Agartala, July 21 (ANI): The weeklong historical Kharchi festival began here in the presence of thousands of devotees at the Chaturdasha Devata Temple.
Kharchi, which means 'auspicious' in Kakborok, the main tribal language of the state, in the past was celebrated within the premises of the royal palace, for the peace and well being of the kingdom. These days, though, with the abolition of the monarchy, people from all walks of life, including non-tribals celebrate the festival together.
Many devotees believe that this age-long tradition is a symbol of harmony and tranquility for all the ethnic communities present in the state.
"According to me, this symbolizes unity of both tribal and non-tribal. As Kharchi belongs to us (our) tribal tradition and the Chantai (chief priest) performs the ritual, but you can find people apart from the tribal group, and there are also people who have come all the way from different states to visit this," said Rasmita Deb, a devotee.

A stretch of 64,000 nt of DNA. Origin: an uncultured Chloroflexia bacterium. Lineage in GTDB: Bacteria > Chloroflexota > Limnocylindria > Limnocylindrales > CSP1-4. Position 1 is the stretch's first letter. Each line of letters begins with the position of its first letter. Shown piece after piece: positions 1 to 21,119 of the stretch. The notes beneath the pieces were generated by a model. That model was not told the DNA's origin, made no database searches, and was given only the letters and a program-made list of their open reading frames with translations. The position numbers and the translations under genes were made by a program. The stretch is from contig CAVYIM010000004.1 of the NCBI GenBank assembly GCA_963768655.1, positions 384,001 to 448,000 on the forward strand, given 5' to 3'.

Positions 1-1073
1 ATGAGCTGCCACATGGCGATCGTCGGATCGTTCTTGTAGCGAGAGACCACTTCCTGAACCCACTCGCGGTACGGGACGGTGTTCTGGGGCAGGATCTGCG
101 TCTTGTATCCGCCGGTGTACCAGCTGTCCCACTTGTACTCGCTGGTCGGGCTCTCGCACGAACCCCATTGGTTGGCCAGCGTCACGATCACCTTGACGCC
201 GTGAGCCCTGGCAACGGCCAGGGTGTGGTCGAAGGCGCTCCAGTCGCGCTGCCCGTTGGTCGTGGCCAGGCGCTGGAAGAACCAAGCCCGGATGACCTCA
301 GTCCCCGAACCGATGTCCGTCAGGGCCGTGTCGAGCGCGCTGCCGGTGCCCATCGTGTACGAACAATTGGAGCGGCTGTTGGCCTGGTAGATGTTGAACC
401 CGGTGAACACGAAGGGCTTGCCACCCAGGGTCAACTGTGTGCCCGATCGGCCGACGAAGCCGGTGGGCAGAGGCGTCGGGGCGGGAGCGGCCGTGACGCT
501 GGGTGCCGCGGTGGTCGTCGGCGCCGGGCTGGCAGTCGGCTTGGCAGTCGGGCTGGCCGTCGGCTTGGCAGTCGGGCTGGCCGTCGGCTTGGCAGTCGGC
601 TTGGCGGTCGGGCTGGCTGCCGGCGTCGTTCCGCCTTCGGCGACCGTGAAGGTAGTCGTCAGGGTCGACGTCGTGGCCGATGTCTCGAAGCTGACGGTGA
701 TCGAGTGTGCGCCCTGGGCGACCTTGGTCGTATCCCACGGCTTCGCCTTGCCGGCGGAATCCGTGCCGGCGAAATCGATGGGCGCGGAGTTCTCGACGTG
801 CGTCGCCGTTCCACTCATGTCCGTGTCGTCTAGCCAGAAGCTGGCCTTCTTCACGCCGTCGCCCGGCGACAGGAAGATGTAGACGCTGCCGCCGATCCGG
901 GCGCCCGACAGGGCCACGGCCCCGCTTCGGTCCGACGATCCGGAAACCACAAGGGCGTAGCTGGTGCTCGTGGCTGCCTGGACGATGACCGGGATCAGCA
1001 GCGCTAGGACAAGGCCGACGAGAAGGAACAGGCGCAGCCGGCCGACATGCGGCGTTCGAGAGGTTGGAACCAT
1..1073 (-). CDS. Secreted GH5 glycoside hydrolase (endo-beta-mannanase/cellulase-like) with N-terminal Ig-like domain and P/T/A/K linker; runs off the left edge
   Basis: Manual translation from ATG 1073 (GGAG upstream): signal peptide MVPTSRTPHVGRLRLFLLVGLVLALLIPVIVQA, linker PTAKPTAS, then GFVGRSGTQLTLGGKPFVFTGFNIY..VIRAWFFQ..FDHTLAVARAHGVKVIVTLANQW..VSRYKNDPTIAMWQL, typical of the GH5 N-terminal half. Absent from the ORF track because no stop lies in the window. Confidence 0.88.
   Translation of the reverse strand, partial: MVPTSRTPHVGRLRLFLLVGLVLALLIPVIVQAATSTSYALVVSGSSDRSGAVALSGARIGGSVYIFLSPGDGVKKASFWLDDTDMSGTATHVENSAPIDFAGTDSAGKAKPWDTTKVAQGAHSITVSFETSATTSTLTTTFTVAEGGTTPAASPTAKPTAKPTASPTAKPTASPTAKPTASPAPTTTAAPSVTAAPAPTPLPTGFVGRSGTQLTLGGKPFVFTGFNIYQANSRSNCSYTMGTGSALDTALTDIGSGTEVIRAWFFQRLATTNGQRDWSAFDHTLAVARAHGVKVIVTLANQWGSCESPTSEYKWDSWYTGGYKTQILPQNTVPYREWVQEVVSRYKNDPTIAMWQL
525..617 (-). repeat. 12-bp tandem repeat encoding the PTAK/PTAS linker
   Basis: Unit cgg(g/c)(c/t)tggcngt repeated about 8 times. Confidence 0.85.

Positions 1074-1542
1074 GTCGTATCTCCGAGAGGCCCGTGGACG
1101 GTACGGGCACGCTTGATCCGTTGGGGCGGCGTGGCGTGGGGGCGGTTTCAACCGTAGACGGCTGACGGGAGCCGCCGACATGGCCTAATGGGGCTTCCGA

Though Kharchi is a tribal festival, but the 14 deities that are worshipped are all Hindu gods and goddesses. Remarkably, both tribal priests as well as Hindu brahmins perform the rituals together.
"I think in the whole India this is the only place where 14 deities are worshiped together at one time. I have visited many other places and seen rituals of worshiping one or two gods but not 14 gods together. This is the first time I am witnessing such a ritual," said Sathi, a tourist.
On the first day of the festival, the idols of deities are brought out in a procession led by the chief royal priest, or the 'Raj Chantai', followed by other priests bearing bamboo parasols and thousands of devotees, to the nearby Howrah river for a holy bath.
Another special feature of this festival is that these deities are kept locked in a room throughout the year, and it is only during these seven days that they are shown to the devotees.
The popularity of Kharchi is mounting day-by-day and every year it attracts tourists from various parts of India. By Pinaki Das(ANI)